Looking to the left of the main hall, you are going to spot two buildings with a characteristic thatched roof. The first one (and more impressive) is the Senbutsudo, a hall used for meditation and recitation of Sutras. Next it stands the Kojirin, a more modest hall were trainee monks and newcomers can practice meditation. Zen meditation sessions, called Zazen in Japanese, are held regularly at the temple grounds, some of which are also available online (thanks Covid).
The monk that actually established the monastery under Hojo’s command, was a Zen monk who came from China as an immigrant, to become the advisor of Hojo Tokimune. China was always the origin of many traditions, culture, religions and art forms that were adopted from high-class Japan. Affluent Japanese leaders always tried to preserve the flow of information and novelty from China. The temple complex of Engakuji was established following the Chinese system of ‘Five Mountains and Ten Monasteries’ or Gozan for short, which were founded by the government and operated as bureaucratic centers for the Shogunate. The famous Tenryuu-ji temple in Kyoto’s Arashiyama, with its own extremely pretty mural of a dragon, is one of Kyoto’s Gozan temples. Tokei-ji (which I described in a recent post) was a part of an equivalent system of nunneries. By imbuing religious morality into state authority, the Shogunate leaders managed to use Gozan temples as ministries and assign to the monks the burden of state affairs.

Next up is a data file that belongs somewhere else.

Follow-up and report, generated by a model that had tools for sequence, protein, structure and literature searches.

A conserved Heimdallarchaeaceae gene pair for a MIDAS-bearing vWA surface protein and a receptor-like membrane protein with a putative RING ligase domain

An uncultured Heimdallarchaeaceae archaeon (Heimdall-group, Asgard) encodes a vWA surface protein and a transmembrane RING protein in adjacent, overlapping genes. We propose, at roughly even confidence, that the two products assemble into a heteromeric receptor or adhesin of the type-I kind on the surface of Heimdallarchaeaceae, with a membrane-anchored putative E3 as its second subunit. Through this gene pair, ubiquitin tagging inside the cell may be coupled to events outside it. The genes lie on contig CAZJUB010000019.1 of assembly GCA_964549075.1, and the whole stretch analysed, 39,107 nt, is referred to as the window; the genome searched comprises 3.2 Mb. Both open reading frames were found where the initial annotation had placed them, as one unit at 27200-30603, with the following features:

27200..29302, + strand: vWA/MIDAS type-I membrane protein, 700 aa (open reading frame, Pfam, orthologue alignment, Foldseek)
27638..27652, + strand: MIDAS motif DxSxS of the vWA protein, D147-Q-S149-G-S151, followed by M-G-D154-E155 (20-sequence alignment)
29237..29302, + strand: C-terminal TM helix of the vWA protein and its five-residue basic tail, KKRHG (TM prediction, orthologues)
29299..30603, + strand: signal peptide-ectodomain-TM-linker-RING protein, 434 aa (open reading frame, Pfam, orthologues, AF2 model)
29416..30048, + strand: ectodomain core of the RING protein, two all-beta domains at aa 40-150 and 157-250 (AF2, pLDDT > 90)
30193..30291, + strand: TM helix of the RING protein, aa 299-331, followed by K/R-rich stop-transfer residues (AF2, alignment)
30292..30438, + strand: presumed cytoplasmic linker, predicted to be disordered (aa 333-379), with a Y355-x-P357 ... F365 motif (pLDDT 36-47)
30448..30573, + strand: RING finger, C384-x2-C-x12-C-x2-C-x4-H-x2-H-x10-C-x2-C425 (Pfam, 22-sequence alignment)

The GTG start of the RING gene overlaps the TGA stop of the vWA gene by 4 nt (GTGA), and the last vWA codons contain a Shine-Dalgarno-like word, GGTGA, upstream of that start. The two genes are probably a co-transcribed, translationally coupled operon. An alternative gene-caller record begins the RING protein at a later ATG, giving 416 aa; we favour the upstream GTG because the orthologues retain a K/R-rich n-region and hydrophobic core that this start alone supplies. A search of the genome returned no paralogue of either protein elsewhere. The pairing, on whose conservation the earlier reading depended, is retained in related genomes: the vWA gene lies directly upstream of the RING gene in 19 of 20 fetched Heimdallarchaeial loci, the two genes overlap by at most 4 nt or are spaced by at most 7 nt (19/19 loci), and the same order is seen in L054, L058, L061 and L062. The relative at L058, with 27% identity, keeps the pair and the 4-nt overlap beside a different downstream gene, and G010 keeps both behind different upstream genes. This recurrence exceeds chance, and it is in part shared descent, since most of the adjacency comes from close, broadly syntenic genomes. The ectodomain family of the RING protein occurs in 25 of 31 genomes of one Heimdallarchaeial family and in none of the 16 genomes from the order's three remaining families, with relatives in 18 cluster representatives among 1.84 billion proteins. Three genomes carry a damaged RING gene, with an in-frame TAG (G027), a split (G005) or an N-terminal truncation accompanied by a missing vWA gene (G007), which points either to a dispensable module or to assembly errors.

Here, I came across a scene that I’ve found in other old temples around Kamakura, a group of caves with statues placed inside. This kind of ‘primitive’ adoration fascinates me, because the monks always made sure to construct verandas to view the caves from afar, instead of getting closer. It is like the gods are ascetic monks requesting silence and solitude. There are also two ponds, the larger Myokochi and the smaller Shinji pond. The latter is part of a Zen garden. You can spot such gardens from the white pebbles, the stone elements and the subjugation of greenery.